Mexico’s first experimental trials of genetically modified maize will take place next year, a government official has announced. The news has put environmental and campesino (small farmer) organisations, still hoping that this will not happen, on the alert.
The country will be dealt a severe cultural, environmental and economic blow if synthetic species of maize are allowed in, opponents of genetically modified (GM) crops warn.
On the other hand, companies selling transgenic seeds and some scientists claim that the field trials are nothing to be afraid of, and are confident that they will demonstrate the benefits of the technology.
The Agriculture Ministry’s coordinator of International Affairs, Víctor Villalobos, informed local journalists that the permits are ready to be granted.
IPS also learned that the corporations that promote the use of GM crops are certain that their applications for experimental trials, rejected three times in the last two years, will at last be accepted.
Silvia Ribeiro, Latin America spokeswoman for the non-governmental Canadian-based Action Group on Erosion, Technology and Concentration (ETC Group), told IPS that if permission to sow GM maize is enacted in practice, the authorities will face “enormous social resistance.”
She added that opponents of GM crops still hope that the authorisation will not be granted.
Villalobos, who does not hide his support for the use of transgenics in agricultural production, had already reported in the past that GM maize would be sown in Mexico soon, but subsequently nothing happened, the activist said.
“The government has not called for any dialogue on the issue,” said Ribeiro. “However, GM crops may finally be imposed on the country, because we know that the authorities are in favour of them. That would be a terrible thing for Mexico.”
The possibility that transgenic maize will be sown in Mexico, albeit experimentally, raises hackles among opponents of GM crops. Maize is the staple food for the majority of the country’s 109 million people, and in addition has enormous cultural significance, as it was first domesticated here 9,000 years ago.
Mexico produces 19 million tonnes of maize annually, on 8.5 million hectares of land. More than three million local campesinos, most of whom are living below the poverty line, grow maize from wild strains or native seeds improved by breeding methods very different from the direct genetic manipulation techniques involved in producing transgenic seeds.
In the United States, both transgenic and traditional maize is grown on 32 million hectares that yield 300 million tonnes a year.
Mexico has been buying increasing amounts of maize from the U.S. to cover its growing deficit. Environmental groups claim that transgenic maize is entering the country as part of those imports, and that the authorities are doing nothing to prevent it.
In 2001, transgenic maize contamination was discovered in cornfields in several Mexican states, in spite of GM crops being expressly banned by law. Scientists believe that campesinos obtained the seeds from U.S. imports and sowed them without knowing they were transgenic.
The finding generated a fierce debate between activists and scientists, because there are no conclusive studies or evidence to indicate the potential impact of GM crops on an environment as rich in biodiversity as Mexico’s.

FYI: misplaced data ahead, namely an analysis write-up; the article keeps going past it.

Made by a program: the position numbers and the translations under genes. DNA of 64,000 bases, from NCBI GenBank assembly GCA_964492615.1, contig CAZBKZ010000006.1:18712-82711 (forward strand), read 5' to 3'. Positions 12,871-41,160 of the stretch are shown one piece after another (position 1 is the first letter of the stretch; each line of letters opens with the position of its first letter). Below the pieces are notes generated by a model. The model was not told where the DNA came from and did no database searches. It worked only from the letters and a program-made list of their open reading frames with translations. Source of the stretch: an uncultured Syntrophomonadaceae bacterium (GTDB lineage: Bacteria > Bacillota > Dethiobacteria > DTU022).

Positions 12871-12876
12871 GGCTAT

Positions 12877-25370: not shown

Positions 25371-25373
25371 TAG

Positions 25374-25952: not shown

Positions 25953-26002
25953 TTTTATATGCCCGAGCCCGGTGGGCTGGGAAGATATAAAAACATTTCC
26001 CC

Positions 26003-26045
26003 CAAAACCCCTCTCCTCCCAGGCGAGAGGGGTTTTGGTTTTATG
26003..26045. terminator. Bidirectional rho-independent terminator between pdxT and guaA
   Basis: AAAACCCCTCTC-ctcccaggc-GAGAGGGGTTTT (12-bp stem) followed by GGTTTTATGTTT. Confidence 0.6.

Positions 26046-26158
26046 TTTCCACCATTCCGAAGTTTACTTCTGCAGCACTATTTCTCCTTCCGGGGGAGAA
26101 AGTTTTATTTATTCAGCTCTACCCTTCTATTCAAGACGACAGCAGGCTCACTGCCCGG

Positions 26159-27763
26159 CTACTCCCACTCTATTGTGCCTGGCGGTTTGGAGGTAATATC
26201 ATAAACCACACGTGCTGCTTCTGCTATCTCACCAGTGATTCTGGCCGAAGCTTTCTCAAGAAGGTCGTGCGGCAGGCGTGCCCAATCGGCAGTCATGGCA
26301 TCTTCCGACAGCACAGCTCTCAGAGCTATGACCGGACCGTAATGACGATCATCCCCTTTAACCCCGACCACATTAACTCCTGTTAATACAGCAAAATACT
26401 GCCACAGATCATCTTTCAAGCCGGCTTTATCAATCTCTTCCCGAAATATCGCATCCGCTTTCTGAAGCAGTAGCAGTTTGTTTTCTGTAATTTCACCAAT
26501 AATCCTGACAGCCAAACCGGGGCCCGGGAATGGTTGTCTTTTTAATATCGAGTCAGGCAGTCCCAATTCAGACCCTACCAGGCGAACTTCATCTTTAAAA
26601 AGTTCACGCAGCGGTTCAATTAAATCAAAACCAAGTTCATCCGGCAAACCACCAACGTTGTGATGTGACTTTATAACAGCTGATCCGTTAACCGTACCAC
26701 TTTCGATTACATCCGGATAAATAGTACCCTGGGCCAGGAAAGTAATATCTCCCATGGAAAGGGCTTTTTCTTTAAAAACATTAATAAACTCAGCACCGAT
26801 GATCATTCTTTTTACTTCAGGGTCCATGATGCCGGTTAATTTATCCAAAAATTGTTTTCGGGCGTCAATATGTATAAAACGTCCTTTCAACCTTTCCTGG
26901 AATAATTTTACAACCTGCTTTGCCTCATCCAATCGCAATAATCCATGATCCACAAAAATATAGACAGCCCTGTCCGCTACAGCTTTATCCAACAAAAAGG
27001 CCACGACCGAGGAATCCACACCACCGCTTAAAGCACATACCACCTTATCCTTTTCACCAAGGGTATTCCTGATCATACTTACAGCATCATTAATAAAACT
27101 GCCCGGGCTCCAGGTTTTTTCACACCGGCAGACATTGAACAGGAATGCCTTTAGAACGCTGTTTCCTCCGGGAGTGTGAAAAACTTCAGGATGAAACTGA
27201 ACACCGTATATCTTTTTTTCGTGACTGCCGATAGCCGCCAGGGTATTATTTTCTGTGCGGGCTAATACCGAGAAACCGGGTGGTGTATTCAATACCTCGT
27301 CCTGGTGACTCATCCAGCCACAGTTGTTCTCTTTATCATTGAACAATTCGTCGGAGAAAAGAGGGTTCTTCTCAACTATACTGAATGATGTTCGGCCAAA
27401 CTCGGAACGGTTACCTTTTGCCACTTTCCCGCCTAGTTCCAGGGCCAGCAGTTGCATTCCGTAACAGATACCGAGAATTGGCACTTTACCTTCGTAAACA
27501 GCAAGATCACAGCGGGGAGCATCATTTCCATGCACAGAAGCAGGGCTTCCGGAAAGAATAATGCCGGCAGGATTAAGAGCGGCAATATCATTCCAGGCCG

Furthermore, activists complain that transnational corporations force farmers to sign agreements to cultivate only the original company seeds, and forbid them to save the patented seeds from the harvest for sowing the next season.
This is completely alien to most Mexican campesinos, who customarily take their next seed from the harvest, and also exchange seeds with neighbours.
The U.S. biotech giant Monsanto, the world market leader in transgenic seeds, has been pressuring for years for permission to grow its synthetic maize in Mexico, at least on an experimental basis.
As scientific results become available, it will be possible to demonstrate that transgenic maize is more productive than traditional varieties, and poses no danger to the environment, says the company, which has sold fertilisers and traditional seeds in Mexico for several years.
But Ribeiro said the trials proposed in Mexico would not yield useful results. The GM maize “will be grown in conditions of isolation, so the experiments will produce no results to indicate its impact on the real environment,” she said.
“What powerful biotech companies like Monsanto want is to justify their claims and impose transgenic maize on Mexico at all costs,” she said.
Campesinos and social activists argue that transgenic crops are a danger to health and an instrument of domination by transnational corporations. The companies retort that their seeds are being grown on millions of hectares worldwide without causing any problems, and that they have no interest in controlling farmers.
Mexican scientist Luis Herrera, regarded as one of the “fathers” of biogenetics, maintains that in spite of the fierce debate, introduction of transgenic crops is irreversible, globally as well as in Mexico.
Rural organisations in northern Mexico, representing the country’s wealthiest farmers, want the government of President Felipe Calderón to approve the use of transgenic seeds as soon as possible, because in their view the GM varieties will help them produce more and better maize.
Transgenic maize has had genetic material from other species added to its own, which can make it resistant to certain pests or herbicides, increase its yield or make it more adaptable to a variety of climatic and soil conditions.
In pre-Columbian traditions, the gods made the first human beings out of maize. Now a related species made by human beings in laboratories is about to win official approval in Mexico, the birthplace of maize.